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Monday, February 13, 2023

Defense of the Realm : Strategic Overview

With the wisdom of hindsight, it is easy to dismiss the crusader states as inherently ‘indefensible’. Yet, in the nearly 200 years of their existence, the crusader states were more often on the offensive than the defense. Even the most catastrophic defeats — Hattin and La Forbie — were not militarily inevitable. The demise of the crusader states had complex geopolitical causes, while the Latin East’s military institutions were more remarkable for their effectiveness than the reverse. What follows is a strategic overview only.


Very early on, the Franks developed and employed a remarkably simple but effective strategy to counter the ‘jihadist’ and numerical superiority of the forces arrayed against them. This strategy was built on three components: (1) static defences capable of withstanding assault and siege, (2) mobile forces capable of relieving and attacking, and (3) naval forces capable of breaking blockades and resupplying by sea. In practice, the civilian population took refuge behind the walls of the nearest defensible structure — whether city or castle, where a citizen garrison (in cities) or professional garrison (in castles) fended off assaults until the feudal field army could lift the siege.   In coastal cities, command of the sea offered an additional line of defence: relief by sea from the West.

The destruction of the field army at the Battle of Hattin made resistance in the castles and cities hopeless. Most garrisons opted to surrender on terms rather than face slaughter and slavery. Those cities that chose defiance, with the exception of Jerusalem itself, were coastal cities that could hope for relief by sea. Without this naval support, Tyre and Tripoli would also have fallen to Saladin in 1187-1188. Finally, once the coast of the Levant was lost, it was the absence of a fortified city to act as a bridgehead for new conquests that discouraged new crusades. Critical to an understanding of this defensive strategy is remembering that borders were meaningless. The Franks never attempted to defend specific territorial borders. Instead, the strategy focused on defending the population and, with it, the ability to re-establish control over the economic resources from which they thrived once the enemy had been defeated. 

In the next two weeks I will look at the components of this strategy separately, namely at static and mobile defence. With regards to naval warfare, however, despite the critical importance of sea power to the survival of the crusader states, there has not to date been a naval history of the crusades.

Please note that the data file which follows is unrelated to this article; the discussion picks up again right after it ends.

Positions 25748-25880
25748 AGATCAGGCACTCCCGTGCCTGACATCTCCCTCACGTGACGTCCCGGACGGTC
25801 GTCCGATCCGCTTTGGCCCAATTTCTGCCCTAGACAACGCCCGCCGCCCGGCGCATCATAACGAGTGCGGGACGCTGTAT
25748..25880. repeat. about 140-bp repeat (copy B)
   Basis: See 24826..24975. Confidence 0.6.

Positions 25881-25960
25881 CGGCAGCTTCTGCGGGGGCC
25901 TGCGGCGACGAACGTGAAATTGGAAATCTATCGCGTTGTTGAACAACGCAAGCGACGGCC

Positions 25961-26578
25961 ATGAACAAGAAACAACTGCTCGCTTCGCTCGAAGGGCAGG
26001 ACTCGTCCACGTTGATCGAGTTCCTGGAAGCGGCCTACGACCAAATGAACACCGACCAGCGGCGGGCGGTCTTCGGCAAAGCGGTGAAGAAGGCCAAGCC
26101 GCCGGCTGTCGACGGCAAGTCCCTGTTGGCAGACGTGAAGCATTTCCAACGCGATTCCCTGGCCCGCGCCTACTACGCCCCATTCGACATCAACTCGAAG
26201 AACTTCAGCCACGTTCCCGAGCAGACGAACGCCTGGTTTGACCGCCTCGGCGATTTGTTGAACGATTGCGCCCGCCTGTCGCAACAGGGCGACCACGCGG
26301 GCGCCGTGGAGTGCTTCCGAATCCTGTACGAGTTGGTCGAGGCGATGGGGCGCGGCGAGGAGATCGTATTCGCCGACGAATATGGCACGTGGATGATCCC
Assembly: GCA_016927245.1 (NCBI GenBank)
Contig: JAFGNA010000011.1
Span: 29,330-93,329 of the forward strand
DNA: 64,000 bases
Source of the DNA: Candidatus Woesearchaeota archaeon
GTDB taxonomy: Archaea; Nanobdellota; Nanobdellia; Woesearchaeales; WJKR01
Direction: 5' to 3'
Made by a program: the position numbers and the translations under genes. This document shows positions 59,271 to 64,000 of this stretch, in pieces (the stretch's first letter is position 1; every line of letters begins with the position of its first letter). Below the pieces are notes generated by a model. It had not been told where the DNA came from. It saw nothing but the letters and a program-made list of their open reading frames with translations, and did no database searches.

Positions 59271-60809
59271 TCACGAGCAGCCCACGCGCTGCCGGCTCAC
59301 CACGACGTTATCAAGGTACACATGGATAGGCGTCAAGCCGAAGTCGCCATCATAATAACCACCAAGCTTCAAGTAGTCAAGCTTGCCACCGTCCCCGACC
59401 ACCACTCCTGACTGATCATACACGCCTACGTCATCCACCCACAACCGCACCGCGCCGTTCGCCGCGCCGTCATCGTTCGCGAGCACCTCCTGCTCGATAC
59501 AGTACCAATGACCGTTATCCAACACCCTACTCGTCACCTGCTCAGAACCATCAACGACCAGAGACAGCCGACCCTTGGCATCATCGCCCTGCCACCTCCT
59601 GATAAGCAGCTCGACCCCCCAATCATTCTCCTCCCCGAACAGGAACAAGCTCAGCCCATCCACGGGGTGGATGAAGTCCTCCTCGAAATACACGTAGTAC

This is astonishing when one considers that reinforcements and supplies brought by sea were instrumental in enabling the crusaders to take Antioch in 1098 and that all the early conquests along the coast of the Levant were won with massive naval support. It was the timely arrival of the Sicilian fleet that saved Tripoli from Saladin in 1188, and without maritime supremacy, it would have been impossible for Tyre to survive between 1187 and 1191. It was the arrival of the French and English fleets that doomed Saladin’s hold on Acre at the start of the Third Crusade. Throughout the thirteenth century, control of the Eastern Mediterranean was vital to trade with Europe and was the economic lifeline of the crusader states. In short, the crusader states would not have been sustainable without maritime power. 

Yet, Frankish kingdoms did not maintain naval forces. Instead, control of the sea lanes, so critical to their prosperity and survival, was delegated to the Italian maritime powers. Above all, the fleets of Venice, Genoa and Pisa contained Saracen naval forces and protected Western shipping. These bitter rivals collectively maintained maritime supremacy in the Eastern Mediterranean throughout the crusading era while occasionally engaging in bitter naval battles among themselves. After the fall of Acre, the Knights Hospitaller transformed itself into a naval organization and continued the war with the Saracens at sea as the Knights of Rhodes and then of Malta. It was not until the rise of the Ottomans in the sixteenth century that Western dominance of the Mediterranean broke down. A detailed history of this maritime chapter in history is sorely missed.



The bulk of this entry is an excerpt from Dr. Schrader's comprehensive study of the crusader states.

Dr. Helena P. Schrader is also the author of six books set in the Holy Land in the Era of the Crusades.


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